Got Mixed Methods?
Orozco, Got mixed methods?
By Diana Orozco
A blog inspired by the AR article: Measuring in action research: Four ways of integrating quantitative methods in participatory dynamics, Joel Marti, Action Research, 14(2), p. 168-183.
Do want to know how to resolve the conflict you feel between the comfort and neutrality quantitative research provides, with the messier realities of Action Research (AR)? If you struggle like I do with a desire to quantify your data while still incorporating the richness of qualitative data, then “Measuring in Action Research: Four Ways of Integrating Quantitative Methods in Participatory Dynamics” is a must read. This article provides a “structured flow” on how to incorporate deep, rich, participatory processes with the coziness some of us feel with the 0s and 1s of measurement. After reading this article, I saw the combination of these types of research as a game of Tetris combining each method type to develop a smooth surface.
Action researchers believe AR offers opportunities for using reflective action and knowledge generation to address practical problems. However, the standard for establishing improvement may be interpreted by some as lacking reliability in comparison to scientific validity. In this article, the author notes “the question is not whether quantitative methods can be used in AR (as they have already been utilized in AR for a long time) but rather whether there are reasons that these methods should not be used”. The author is speaking to the disagreement that seems to occur between the characteristics of AR and quantitative methods. However, through sequential or integrated data collection using mixed methods, the conflict between ontological and epistemological elements are resolved, thus removing the incompatibility of AR and quantitative research, and eliminating reasons for not integrating the methods! By introducing a simple typology in Table 1, the authors offer clarification on how the mixed methods phasing process can be either sequential or embedded allowing at each phase the researcher to observe, reflect, plan and act in response to the data.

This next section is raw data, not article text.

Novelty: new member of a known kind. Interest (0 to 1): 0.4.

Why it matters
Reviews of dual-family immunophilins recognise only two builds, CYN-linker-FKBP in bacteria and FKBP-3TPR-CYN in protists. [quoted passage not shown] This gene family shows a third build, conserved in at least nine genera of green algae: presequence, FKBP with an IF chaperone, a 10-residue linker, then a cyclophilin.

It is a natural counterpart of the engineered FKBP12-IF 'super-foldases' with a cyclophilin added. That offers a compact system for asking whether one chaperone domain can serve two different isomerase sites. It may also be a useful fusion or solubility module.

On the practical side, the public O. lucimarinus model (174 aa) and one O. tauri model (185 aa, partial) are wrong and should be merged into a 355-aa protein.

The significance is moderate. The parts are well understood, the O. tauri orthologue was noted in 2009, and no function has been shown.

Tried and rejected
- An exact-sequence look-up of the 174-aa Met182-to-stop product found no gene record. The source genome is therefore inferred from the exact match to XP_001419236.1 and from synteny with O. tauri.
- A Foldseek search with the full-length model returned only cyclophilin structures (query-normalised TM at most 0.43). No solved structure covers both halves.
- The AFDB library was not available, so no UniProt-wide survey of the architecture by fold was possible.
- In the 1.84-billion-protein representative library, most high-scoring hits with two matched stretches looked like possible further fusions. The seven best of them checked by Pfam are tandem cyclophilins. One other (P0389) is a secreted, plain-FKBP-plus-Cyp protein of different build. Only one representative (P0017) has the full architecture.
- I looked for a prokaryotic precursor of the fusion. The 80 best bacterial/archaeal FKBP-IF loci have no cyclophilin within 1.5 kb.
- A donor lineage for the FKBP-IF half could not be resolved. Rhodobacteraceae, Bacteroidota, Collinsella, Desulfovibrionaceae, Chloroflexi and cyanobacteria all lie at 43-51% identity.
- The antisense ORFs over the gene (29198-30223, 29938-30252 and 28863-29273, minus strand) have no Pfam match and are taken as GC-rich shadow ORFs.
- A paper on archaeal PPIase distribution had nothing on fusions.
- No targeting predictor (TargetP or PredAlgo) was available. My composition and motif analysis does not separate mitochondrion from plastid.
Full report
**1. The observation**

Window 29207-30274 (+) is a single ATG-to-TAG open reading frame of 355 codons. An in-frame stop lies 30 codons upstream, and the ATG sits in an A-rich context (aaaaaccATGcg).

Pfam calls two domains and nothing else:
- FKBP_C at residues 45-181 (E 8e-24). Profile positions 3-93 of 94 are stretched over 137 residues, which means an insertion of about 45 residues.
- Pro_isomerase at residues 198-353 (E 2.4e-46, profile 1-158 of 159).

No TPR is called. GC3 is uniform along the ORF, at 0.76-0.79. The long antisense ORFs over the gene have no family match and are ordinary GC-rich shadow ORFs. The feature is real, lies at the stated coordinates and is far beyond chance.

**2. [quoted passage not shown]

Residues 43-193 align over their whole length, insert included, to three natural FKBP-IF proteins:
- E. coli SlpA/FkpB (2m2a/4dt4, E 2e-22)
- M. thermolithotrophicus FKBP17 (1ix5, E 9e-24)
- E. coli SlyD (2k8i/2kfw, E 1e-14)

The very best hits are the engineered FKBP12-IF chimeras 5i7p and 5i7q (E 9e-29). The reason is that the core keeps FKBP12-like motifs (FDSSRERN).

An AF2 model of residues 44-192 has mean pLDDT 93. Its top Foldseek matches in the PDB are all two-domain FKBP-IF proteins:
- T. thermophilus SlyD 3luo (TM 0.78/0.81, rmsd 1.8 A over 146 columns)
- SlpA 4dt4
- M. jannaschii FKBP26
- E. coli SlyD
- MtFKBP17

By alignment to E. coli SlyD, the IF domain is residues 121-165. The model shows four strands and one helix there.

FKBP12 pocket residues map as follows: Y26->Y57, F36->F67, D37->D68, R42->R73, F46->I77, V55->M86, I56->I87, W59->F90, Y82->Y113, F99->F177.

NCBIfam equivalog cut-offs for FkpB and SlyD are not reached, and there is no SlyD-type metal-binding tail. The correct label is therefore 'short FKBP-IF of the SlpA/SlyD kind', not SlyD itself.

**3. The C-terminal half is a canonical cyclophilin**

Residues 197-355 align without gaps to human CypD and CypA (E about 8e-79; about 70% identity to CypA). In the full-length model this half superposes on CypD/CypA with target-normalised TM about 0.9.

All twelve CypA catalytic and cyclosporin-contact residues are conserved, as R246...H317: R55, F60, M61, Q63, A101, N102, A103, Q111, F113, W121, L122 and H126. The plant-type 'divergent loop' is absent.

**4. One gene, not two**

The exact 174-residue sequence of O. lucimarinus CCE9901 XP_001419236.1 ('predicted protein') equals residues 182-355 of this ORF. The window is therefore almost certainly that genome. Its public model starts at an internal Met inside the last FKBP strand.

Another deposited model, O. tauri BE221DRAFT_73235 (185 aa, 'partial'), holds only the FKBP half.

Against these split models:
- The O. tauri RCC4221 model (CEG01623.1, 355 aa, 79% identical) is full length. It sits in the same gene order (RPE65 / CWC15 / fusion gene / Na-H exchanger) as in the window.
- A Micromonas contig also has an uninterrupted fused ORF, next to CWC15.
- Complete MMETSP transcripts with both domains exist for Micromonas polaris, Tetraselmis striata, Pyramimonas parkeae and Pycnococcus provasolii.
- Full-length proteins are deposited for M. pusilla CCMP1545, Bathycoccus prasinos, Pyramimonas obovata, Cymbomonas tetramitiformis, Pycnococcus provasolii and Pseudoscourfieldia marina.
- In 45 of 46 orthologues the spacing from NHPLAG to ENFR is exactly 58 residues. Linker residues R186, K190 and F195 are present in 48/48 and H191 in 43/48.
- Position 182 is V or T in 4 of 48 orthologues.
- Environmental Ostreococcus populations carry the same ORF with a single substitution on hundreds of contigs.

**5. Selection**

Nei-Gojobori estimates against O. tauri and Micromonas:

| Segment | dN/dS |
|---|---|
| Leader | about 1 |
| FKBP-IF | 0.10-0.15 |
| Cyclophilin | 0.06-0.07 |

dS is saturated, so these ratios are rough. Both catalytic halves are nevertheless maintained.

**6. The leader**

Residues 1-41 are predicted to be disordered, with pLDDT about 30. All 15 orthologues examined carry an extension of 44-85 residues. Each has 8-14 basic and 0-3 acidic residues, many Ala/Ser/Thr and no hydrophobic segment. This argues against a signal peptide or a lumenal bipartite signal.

The process is fluid between measurement and participation or the reverse of these two phases. For example, the quantitative phase (QUAN) can precede participatory phase (PAR) or vice versa allowing each method to build off each set of previously collected data. In the case of an embedded process QUAN and PAR are nested and dependent on each other providing a method that will not only measure data but address performative issues.
After reading this article, I gained greater insight into the benefits and attributes for both AR used with quantitative methods. Quantitative methods will provide the numeric measurement of performance. If executed properly, quantitative research applications such as “extant statistical data, random sampling, surveys, direct observation, or social network analysis” can complement AR processes. AR can provide in-depth solutions coveted by those who normally strictly adhere to quantitative methods. If you are considering the idea of how to make your research pack a punch with tactical implementation, you will want to read this article.
Bio:Diana Orozco is a third year PhD student.
Article info: Measuring in action research: Four ways of integrating quantitative methods in participatory dynamics, Joel Marti, Action Research, 14(2), p. 168-183.
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